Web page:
Kramer died in 1966 at 86, the retired police chief of East Orange, N.J. He had never been inducted into a hall of fame. He had never served as the commissioner of a multimillion-dollar sports league. But he did hold the unique distinction of having dominated one of America's most popular professional sports for 27 years. And he was one of the first Americans to live the life of a totally dedicated professional athlete.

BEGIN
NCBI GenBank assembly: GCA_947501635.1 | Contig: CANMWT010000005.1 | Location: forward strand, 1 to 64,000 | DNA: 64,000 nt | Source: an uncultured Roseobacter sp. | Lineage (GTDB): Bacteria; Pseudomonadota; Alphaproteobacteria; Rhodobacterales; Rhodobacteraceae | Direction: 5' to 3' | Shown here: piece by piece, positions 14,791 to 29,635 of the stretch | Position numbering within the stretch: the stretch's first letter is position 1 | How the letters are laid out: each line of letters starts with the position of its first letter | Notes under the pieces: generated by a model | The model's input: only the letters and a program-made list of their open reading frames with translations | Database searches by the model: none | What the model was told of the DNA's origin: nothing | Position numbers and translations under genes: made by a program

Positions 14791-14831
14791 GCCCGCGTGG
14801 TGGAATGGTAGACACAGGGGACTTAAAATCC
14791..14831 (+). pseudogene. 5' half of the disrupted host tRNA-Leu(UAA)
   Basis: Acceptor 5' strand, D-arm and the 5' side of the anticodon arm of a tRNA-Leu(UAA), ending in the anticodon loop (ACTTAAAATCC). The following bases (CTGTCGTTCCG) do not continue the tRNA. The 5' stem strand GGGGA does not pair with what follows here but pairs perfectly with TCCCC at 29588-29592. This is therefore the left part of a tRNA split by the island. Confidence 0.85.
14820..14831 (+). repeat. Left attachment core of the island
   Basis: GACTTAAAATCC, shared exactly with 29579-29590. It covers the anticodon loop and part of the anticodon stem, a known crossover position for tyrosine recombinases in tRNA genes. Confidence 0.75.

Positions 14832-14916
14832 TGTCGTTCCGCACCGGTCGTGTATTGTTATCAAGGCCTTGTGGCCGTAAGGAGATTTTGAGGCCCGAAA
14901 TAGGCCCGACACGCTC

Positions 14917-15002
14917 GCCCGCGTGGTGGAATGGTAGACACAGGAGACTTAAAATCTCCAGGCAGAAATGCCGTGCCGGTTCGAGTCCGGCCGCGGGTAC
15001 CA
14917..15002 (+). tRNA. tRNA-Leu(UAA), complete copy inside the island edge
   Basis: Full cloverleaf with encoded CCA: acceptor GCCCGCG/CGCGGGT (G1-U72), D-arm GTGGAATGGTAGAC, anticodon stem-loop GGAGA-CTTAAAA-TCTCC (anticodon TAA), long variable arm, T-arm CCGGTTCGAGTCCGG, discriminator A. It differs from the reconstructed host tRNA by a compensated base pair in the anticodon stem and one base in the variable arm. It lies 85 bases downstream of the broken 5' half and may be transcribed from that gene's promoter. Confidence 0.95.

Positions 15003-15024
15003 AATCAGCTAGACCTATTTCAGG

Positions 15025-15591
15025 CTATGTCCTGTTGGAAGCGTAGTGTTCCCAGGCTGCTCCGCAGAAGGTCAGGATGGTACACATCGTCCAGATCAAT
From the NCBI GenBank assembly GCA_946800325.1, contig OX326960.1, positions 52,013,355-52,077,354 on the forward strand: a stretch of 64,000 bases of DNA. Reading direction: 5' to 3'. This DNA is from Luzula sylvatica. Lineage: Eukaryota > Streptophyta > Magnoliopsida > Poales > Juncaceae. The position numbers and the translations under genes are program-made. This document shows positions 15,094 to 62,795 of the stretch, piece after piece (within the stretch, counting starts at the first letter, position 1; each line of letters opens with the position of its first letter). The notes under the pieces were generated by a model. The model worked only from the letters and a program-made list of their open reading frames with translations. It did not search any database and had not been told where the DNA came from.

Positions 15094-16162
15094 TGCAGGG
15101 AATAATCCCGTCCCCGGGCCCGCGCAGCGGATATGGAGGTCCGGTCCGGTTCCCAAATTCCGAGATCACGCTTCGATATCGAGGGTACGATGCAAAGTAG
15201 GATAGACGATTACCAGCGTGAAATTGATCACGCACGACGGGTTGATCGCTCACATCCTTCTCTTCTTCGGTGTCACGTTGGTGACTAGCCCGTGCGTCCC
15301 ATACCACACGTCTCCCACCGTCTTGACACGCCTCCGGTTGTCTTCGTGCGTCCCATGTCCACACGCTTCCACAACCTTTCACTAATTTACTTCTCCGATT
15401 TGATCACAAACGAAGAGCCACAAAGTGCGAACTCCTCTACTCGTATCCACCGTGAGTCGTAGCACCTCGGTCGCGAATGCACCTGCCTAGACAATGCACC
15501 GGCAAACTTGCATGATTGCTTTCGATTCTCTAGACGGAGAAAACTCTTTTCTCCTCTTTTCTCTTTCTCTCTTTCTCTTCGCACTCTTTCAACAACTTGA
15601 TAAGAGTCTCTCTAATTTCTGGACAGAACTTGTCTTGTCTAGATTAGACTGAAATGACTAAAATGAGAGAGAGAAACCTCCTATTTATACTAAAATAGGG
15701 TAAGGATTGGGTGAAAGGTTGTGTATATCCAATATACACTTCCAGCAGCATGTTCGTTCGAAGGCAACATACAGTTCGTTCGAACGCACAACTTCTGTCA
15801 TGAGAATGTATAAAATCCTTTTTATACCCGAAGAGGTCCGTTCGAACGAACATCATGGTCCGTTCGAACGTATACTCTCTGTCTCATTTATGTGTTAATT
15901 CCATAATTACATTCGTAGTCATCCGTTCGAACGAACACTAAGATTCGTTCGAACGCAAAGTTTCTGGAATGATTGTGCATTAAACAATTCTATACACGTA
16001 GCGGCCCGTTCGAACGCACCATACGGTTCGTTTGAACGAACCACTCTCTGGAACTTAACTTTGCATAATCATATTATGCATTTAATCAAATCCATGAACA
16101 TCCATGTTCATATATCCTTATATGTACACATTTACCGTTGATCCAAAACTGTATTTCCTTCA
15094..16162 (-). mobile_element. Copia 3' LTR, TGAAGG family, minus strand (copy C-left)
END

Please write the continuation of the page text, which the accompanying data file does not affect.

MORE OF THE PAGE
Perhaps that's why the The New York Times of July 31, 1922 proclaimed Kramer's record as "one of amazing endurance and stamina, not to mention success...one of the most marvelous in athletic history."
And perhaps that's why the tears flowed freely on Kramer's farewell night at the Newark Velodrome and why the band repeatedly struck up Auld Lang Syne and The Star-Spangled Banner after Kramer climbed off his bike for good.
"I'm only sorry," said the graying champion in a typically brief statement, "that I'm not 15 years younger so that I might continue to entertain you. However, I have no alternative and must bow to Father Time."